And God’s wrath is not limited to the Old Testament. Romans 1:18 has, “The wrath of God is being revealed from heaven against all the godlessness and wickedness of men who suppress the truth by their wickedness.”
How are we to reconcile God’s love and God’s wrath?
First, God’s wrath is not so much the inflicting of penalties equivalent to the person’s sin, as a withdrawal of divine protection.
In both Old and New Testaments, God’s wrath is often expressed as God choosing to withdraw protection from those who sin so that they experience the natural consequences of their sin. The Romans 1 reading is a good example. After writing that God’s wrath is being revealed, Paul explains, “Therefore [because they rejected God] God gave them over in the sinful desires of their hearts” (1:24). And he repeats this twice more: “Because of this, God gave them over to shameful lusts” (1:26) and “Furthermore, since they did not think it worthwhile to retain the knowledge of God, he gave them over to a depraved mind, to do what ought not to be done” (1:28). This three-fold “giving over” explains what Paul means by “the wrath of God”. Marshall explains further, “God’s act [of wrath] is not so much a matter of direct, individually tailored punitive intervention as it is a matter of measured withdrawal of his protective influence and control, a refusal to intervene to stem the deleterious effects of human rebellion”.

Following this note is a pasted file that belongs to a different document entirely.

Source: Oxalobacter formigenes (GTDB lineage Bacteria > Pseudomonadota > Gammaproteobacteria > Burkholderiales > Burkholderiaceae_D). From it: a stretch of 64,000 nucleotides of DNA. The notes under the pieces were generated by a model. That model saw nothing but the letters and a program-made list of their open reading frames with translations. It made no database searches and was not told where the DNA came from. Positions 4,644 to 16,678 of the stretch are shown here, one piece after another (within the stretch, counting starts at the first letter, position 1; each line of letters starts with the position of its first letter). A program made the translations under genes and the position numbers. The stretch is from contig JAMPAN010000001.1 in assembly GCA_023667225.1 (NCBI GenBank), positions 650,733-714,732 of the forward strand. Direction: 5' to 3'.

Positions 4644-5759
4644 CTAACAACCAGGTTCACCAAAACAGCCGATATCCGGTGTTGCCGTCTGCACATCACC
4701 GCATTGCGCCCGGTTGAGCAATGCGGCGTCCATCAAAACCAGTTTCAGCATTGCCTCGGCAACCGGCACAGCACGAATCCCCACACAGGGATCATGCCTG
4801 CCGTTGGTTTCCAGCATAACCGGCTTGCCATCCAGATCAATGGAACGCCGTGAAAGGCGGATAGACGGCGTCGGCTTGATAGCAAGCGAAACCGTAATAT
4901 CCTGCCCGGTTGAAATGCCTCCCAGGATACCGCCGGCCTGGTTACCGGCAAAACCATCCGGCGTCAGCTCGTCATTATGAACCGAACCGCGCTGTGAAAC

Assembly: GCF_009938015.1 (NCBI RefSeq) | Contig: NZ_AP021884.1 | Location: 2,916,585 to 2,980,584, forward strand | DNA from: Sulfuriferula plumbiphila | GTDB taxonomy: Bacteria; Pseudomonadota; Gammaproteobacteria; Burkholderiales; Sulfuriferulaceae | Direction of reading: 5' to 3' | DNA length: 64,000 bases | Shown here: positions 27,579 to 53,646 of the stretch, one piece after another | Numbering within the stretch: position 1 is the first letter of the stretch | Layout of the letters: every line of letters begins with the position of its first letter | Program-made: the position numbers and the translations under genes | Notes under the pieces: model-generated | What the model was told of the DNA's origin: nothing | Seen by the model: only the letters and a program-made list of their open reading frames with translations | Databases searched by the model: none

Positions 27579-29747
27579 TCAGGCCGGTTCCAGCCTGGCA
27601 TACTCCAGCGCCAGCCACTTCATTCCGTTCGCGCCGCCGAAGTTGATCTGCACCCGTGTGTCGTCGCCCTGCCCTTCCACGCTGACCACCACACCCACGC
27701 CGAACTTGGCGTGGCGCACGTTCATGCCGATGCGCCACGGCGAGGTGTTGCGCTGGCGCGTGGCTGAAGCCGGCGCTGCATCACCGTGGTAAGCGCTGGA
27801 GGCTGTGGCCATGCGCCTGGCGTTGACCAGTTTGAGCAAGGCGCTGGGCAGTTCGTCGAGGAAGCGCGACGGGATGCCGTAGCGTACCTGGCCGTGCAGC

On the one hand, then, such a ‘giving over’ is not God wreaking suffering on those who sin; but neither is it a passive withdrawal. It is a personal decision that God makes to cease protecting someone. The consequences of the loss of protection may be severe, but they are, essentially, of that person’s own doing. That is the wrath of God.
There are precedents for this understanding of wrath elsewhere in scripture. There are, for example, many passages that express God’s wrath and judgement as God hiding God’s face or turning away. “They will forsake me and break the covenant I made with them. On that day I will become angry with them and forsake them; I will hide my face from them, and they will be destroyed. Many disasters and difficulties will come upon them, and on that day they will ask, ‘Have not these disasters come upon us because our God is not with us?’” (Deuteronomy 31:16-17).